Investors appeared to shrug off global trade uncertainties, which have plagued the market as of late, and push stocks higher, with regained momentum for Treasury yields lifting financials, and the NASDAQ posting another record high. In economic news, the trade deficit unexpectedly narrowed but Q1 productivity was revised lower. Meanwhile, crude oil prices fell following an unexpected rise in oil inventories, and the U.S. dollar extended yesterday’s slide. Gold finished higher.

The Dow Jones Industrial Average (DJIA) jumped 346 points (1.4%) to 25,146, the S&P 500 Index rose 24 points (0.9%) to 2,772, and the NASDAQ Composite advanced 51 points (0.7%) to 7,689. In heavy volume, 957 million shares were traded on the NYSE and 2.2 billion shares changed hands on the NASDAQ. WTI crude oil fell $0.79 to $64.73 per barrel and wholesale gasoline lost $0.04 to $2.07 per gallon. Elsewhere, the Bloomberg gold spot price moved $0.66 higher to $1,297.06 per ounce, and the Dollar Index—a comparison of the U.S. dollar to six major world currencies—declined 0.3% to 93.66.

The trade balance showed that the deficit surprisingly narrowed to $46.2 billion—a seven-month low—in April, compared to the Bloomberg forecast of $49.0 billion. March’s deficit was revised lower to $47.2 billion. Exports were up 0.3% month-over-month (m/m) at $211.2 billion—a record high—while imports dipped 0.2% to $257.4 billion.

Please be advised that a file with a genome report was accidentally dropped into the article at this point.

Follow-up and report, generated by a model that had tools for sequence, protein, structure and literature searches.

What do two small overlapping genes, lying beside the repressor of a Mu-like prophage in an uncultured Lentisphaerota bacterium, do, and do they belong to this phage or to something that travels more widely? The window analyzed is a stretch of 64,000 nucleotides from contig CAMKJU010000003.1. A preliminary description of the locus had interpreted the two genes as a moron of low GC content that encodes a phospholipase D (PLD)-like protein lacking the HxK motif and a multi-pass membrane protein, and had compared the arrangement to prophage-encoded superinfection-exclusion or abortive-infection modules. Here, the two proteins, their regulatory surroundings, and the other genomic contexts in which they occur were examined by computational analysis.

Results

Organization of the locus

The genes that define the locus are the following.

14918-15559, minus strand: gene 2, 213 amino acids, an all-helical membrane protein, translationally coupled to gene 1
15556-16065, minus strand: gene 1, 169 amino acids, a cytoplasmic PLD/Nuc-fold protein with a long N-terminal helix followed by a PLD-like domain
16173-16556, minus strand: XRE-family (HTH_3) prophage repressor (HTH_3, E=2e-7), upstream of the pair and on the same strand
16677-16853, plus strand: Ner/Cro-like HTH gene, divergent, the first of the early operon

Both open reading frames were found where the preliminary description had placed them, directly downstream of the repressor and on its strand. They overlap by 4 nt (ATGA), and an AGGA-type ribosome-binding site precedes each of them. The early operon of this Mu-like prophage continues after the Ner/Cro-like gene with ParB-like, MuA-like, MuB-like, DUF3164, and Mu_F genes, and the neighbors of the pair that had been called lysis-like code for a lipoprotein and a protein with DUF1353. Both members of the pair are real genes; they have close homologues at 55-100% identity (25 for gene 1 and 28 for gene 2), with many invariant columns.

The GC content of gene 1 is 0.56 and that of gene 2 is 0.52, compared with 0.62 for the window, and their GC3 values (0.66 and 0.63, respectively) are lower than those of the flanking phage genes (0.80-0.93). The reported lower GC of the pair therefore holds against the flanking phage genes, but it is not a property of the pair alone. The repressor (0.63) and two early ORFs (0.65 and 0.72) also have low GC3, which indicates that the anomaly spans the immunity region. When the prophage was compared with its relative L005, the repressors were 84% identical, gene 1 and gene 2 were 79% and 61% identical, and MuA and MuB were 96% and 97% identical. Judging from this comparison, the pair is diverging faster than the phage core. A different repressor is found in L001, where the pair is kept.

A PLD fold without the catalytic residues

The MBA Mortgage Application Index rose 4.1% last week, following the prior week’s 2.9% decrease. The uptick came as a 3.8% gain in the Refinance Index was met with a 4.2% rise for the Purchase Index. The average 30-year mortgage rate fell 9 basis points (bps) to 4.75%.

Final Q1 nonfarm productivity was revised to a 0.4% rate of growth on an annualized basis, versus estimates of a 0.6% increase, and compared to the preliminary report of a 0.7% rise. Q4 productivity was unrevised at a 0.3% gain. Unit labor costs were adjusted to 2.9% gain, from the initial report of a 2.7% increase, and versus the forecast calling for an adjustment to a 2.8% rise. Q4 labor costs were revised higher to a 2.5% rise.

Treasuries were lower, as the yield on the 2-year note rose 4 bps to 2.52%, the yield on the 10-year note gained 6 bps to 2.97%, and the 30-year bond rate gained 5 bps to 3.12%.

Treasury yields have been choppy after a drop last month, but the 10-year note is clawing back to near the 3.00% mark, while the U.S. dollar extended yesterday’s downside reversal on resurfacing European monetary policy uncertainty. Bloomberg reported yesterday that the European Central Bank (ECB) could have a lively debate on whether to exit its stimulus measures at its meeting this month, which would come as the Fed is highly likely to hike rates next week and a recent string of upbeat economic data, headlined by last Friday’s stronger-than-expected May nonfarm payroll report, has appeared to calm concerns about the impact if the Fed has to accelerate its tightening campaign to combat inflation.

Schwab Center for Financial Research – Market Analysis Group

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